‘AMERICAN IDOL’ CHAMP KRIS ALLEN IS ANYTHING BUT IDLE

KRIS ALLEN

If Kris Allen thought he had to work hard to win “American Idol” last season, it’s nothing compared to the demands he’s facing as he embarks on his post-“Idol” career.  As he gets a chance to learn first-hand about the rigors of the music industry — from the endless interviews to the preparation for his live shows — he’s grateful that he had the “Idol” experience to give him a taste of what his life would become. (CLICK ON THE MEDIA BAR BELOW TO HEAR KRIS ALLEN)

Get the Flash Player to see the wordTube Media Player.

DO ADAM LAMBERT & KRIS ALLEN WANT TO DO A DUET?

1188

“As much time as we spend together, I would probably say so,” Allen said.

And it works both ways. “He’s definitely becoming my closest straight,” Lambert said. “That’s something I am trying to get across—that it doesn’t frickin’ matter. Just like when people were dealing with race relations. The moment we started getting over it as a society was the moment we stopped paying attention to the differences and paid attention to the similarities.

He continued, “People get so scared and uncomfortable with the ways in which they are different. I think it’s a testament to Kris that he’s completely comfortable in his own skin, comfortable with his sexuality. He’s a straight man, he’s married, and it’s not threatening for him to be friends with a gay guy.”

Or as the more reserved Allen put it, “That’s what’s wrong with the world. Why can’t everyone just get along?”

VIA YAHOO NEWS

‘IDOL’ KRIS ALLEN TALKS PAST, PRESENT & FUTURE

188Yesterday, 19 Recordings announced that it has signed American Idol season 8 champ Kris Allen — surprise! (Ha.) In a statement, Allen teased what the album might sound like: “It will be very similar to what you heard from me on the show — definitely in the pop/rock genre.” During my recent interview with Allen, he told me pretty much the same thing, though he also added, “The way I came across on the show is a guy and his guitar, but I want to come across as more the soft-rock kind of thing… hopefully something that not everyone has seen before. I think that some people will be very surprised by it — certain songs, people will be like, ’Didn’t expect that.’ Just like the whole ‘Heartless’ thing — people were not expecting me to do that song. And it worked out. So I think you’ll see things like that. I think it’s going to be very cool.”

Since he was still in the process of working out who he was going to work with on the album, Allen was understandably reticent to get more specific than that. But he had plenty to say about the music that has shaped him so far. So in the hope of tiding you ravenous Allen fans over until the fall release of his debut record, I offer you the following tidbits. Oh, and I fully expect to hear a collective awww… after you read the part about him dancing to Jacko all by his lonesome. (Also, in the rare chance that you missed it, do check out Idolatry’s terrific five-part interview with Allen; link below.)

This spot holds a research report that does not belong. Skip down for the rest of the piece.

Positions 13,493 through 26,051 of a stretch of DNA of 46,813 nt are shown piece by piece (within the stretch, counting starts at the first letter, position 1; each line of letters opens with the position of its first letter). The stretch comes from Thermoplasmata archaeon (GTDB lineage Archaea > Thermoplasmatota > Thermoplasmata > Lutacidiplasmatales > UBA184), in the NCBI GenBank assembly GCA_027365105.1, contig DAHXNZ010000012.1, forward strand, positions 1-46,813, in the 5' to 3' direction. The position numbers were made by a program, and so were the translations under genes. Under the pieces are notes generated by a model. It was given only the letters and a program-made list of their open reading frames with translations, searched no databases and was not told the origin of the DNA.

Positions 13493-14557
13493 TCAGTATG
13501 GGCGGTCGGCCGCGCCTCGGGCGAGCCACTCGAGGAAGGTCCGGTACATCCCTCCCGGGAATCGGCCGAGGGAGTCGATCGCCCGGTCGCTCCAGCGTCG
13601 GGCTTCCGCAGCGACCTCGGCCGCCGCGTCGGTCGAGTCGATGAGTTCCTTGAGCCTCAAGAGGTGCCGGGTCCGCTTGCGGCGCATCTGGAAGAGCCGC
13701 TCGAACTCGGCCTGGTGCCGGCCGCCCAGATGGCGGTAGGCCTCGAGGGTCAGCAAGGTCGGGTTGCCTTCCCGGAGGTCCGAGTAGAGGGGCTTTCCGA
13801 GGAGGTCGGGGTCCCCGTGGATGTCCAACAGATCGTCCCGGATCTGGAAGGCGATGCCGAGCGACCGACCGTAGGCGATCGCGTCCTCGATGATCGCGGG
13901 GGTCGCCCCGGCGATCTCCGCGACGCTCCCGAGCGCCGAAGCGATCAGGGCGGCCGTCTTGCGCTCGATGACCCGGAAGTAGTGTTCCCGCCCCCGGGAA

On playing the viola
I started playing viola when I was in fourth grade. But it was kind of like a requirement. I never hated it or anything, but it was never something that I loved. We had an orchestra and it was like, a couple of my friends play the viola, so I was like, “I’ll play the viola.” We had to play something, I just picked that. All my friends stopped playing but I kept playing until the end of high school.

On growing up musical
My dad was a musician. He was a singer and he played the guitar, so music was always around. I never really wanted to pick up [the guitar] until I was 13. One summer, during the day [when] my parents were working and we were home alone, my brother would go to the pool and hang out with girls and do whatever. I would just hang out in the house. No one had a clue what I was doing. I was teaching myself how to play the guitar.

On Michael Jackson and his other favorite artists back in the day
I was a huge, huge, huge fan of Michael Jackson. Almost too big of a fan. He’s one of the best ever. I would sit in my room and put on a hat and try to dance in front of the mirror. All this stuff on my own, never in front of people. I was too embarrassed. I started listening to him and then started listening to a lot of R&B stuff like Boys II Men, II. I grew up listening to that. I love that. [Singing] “I’ll make love to you…” Probably not a good idea [for a 9-year-old kid]. And then I think my next CD was TLC, Crazy Sexy Cool. My parents were totally cool with it — maybe they didn’t know exactly. They were young and they tried to be cool. [Laughs]

What he’s listening to now
A lot of different stuff. Love Coldplay. Coldplay’s first CD, I think it’s amazing. The Kings of Leon CD is incredible. I like Mutemath a lot. The Kanye CD [808s & Heartbreak], it’s amazing, one of the best of the decade, probably.

On being his own artist in the, eh-hem, often controlling recording industry
I am really laid back and kind of go-with-the-flow, but I will never do anything that I don’t believe in. So if there’s a song that they’re trying to shoot at me and I’m like, ehhhh, then it probably won’t happen. I think it would just be uncomfortable. You can’t do something that you don’t feel good about.

And just because… On adjusting to overnight heartthrob status
I always try to take it with a grain of salt, because being that is not going to get me anywhere. I just hope I can put out good music. It’s weird. But [my wife is] amazing at dealing with it. They ask her for her autograph as well. [Laughs]